Hello everyone, Jess here, hoping you’re all having a lovely day! The heat is daunting, but producing some awesome food! Let’s take a look at this week’s vegetal treasure chest.
Lots of good looking colors in this pickup!
- butter and sugar corn
- yellow onion
- heirloom okra
- classic peaches
- salad cucumbers
- sungold tomatoes
- beefsteak tomatoes
- hot peppers
- amethyst basil
- classic carrots
Small Shares included corn, cucumbers, Patty Pan squash, bell pepper, cherry tomatoes, peaches, Genovese basil, classic carrots, and kale.
- rainbow chard
- head lettuce
- Gladiolas! (pictured from this week AND last week)
Tonight’s dinner included so much summer on plates it was ridiculous! There were a few no-brainers, such as salad, sliced fruits, and corn on the cob.
For those with an influx of hearty greens at the moment, try running them through a pasta cutter (mine is a little attachment that hooks onto my Kitchen Aid). The hearty leaves (such as collards, broccoli or cauliflower leaves) slice much like a sheet of pasta, and the extra surface area created means that the greens steam up tender without a whole lot of cook time. Enjoy the noodles with whatever sauce works for you (I love curry or peanut sauce). If you don’t have one of these pasta cutters handy, fear not! Instead try the chiffonade!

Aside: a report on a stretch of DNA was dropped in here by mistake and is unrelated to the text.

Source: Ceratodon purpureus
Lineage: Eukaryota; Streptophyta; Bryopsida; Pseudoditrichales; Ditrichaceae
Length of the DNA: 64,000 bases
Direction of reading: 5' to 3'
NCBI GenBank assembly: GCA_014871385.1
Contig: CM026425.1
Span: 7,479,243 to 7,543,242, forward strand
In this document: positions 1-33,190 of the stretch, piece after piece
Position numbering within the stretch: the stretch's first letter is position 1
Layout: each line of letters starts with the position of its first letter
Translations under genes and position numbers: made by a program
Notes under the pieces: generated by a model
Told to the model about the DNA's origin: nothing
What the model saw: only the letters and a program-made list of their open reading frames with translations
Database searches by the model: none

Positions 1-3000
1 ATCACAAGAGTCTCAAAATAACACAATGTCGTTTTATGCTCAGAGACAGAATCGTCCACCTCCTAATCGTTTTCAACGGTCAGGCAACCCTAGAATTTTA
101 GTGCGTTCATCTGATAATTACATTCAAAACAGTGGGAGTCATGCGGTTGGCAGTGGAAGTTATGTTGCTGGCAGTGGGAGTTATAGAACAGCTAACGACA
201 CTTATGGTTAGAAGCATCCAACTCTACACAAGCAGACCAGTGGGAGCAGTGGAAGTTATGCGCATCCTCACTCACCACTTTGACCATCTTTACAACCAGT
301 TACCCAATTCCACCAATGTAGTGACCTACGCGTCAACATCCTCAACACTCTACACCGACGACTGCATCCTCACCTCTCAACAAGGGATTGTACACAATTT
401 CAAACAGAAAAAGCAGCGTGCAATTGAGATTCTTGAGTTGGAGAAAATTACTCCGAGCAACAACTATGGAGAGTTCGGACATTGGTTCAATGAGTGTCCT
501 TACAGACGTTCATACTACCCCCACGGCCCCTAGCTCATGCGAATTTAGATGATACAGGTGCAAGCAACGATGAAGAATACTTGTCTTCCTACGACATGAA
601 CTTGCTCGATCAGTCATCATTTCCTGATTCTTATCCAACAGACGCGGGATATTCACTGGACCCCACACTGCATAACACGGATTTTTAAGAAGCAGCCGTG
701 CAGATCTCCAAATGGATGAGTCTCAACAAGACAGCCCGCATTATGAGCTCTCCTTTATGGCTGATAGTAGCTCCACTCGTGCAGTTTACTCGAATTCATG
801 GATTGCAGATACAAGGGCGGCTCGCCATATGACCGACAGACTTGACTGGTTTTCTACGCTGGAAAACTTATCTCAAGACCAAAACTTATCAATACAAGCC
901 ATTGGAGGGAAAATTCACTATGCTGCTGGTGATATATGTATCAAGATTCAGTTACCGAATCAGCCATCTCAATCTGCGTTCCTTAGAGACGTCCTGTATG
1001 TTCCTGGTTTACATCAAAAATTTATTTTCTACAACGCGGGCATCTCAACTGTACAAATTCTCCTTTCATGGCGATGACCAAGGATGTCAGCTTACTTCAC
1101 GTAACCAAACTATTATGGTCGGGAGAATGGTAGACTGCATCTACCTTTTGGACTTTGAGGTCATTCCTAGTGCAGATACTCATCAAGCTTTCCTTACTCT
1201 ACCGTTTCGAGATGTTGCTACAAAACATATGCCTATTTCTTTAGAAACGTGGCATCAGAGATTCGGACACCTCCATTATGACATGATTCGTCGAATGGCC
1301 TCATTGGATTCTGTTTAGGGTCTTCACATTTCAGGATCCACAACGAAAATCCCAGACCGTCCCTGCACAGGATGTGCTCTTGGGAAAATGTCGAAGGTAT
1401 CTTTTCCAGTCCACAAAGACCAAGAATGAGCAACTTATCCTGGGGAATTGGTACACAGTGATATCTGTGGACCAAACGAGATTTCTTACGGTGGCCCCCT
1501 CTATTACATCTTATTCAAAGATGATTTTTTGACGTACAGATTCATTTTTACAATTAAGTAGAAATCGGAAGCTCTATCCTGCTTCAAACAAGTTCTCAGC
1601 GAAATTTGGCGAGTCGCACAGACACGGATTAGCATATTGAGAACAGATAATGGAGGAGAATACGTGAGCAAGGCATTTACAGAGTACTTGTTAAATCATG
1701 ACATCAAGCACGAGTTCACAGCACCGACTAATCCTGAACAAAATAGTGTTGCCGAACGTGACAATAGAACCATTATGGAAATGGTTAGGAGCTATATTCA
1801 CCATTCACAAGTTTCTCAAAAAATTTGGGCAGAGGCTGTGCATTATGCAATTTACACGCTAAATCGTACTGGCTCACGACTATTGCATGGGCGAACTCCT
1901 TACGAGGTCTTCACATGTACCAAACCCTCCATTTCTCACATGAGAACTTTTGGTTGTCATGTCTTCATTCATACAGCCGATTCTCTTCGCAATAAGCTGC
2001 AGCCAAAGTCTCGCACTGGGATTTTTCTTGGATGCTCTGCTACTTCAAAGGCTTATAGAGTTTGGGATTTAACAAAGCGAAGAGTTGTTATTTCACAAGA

If it’s unfamiliar, the word chiffonade may sound fancy and daunting. It’s a simple idea though, basically, you roll your leaves tightly and then cut the rolls crosswise thinly. Little ribbons of deliciousness are the by-product of cutting the rolls!
Today, we also got okra! I’m going into my fourth year of doing this blog, and this is something new to my CSA box! Farmer Jonathan of the ‘Dell Crew grows lots of okra back in Jamaica and is managing the crop in the high tunnel (thanks, Jonathan!) I’ve enjoyed many Creole and Northern Indian dishes with this veggie- (which I’m just learning is technically a fruit) but I’ve never myself cooked with them so I’m looking forward to it! From my limited knowledge, I know that okra has a Jeckyll and Hyde reputation. It is often used to thicken stews and if cooked a certain way, it emits a gummy and slimy goo. If cooked another way, no goo is present at all and the okra game changes completely. What will you try to cook with yours? Perhaps Gumbo or Bhindi Masala? This week, I plan to try a roasted okra with cherry tomato recipe (this one) and I’ll report back. If you have any info you’d care to share about okra, please feel free to get in touch and I’ll pop the info into Veggiescope for all of us to be able to access!
There are some exciting programs coming up, be sure to check out the “Events” section on the main home page for details. Meanwhile, get in touch with your questions, comments, suggestions or recipes. As always, thank you for tuning in, I’m truly honored that you do! Until next time, sweet and savory dreams to you!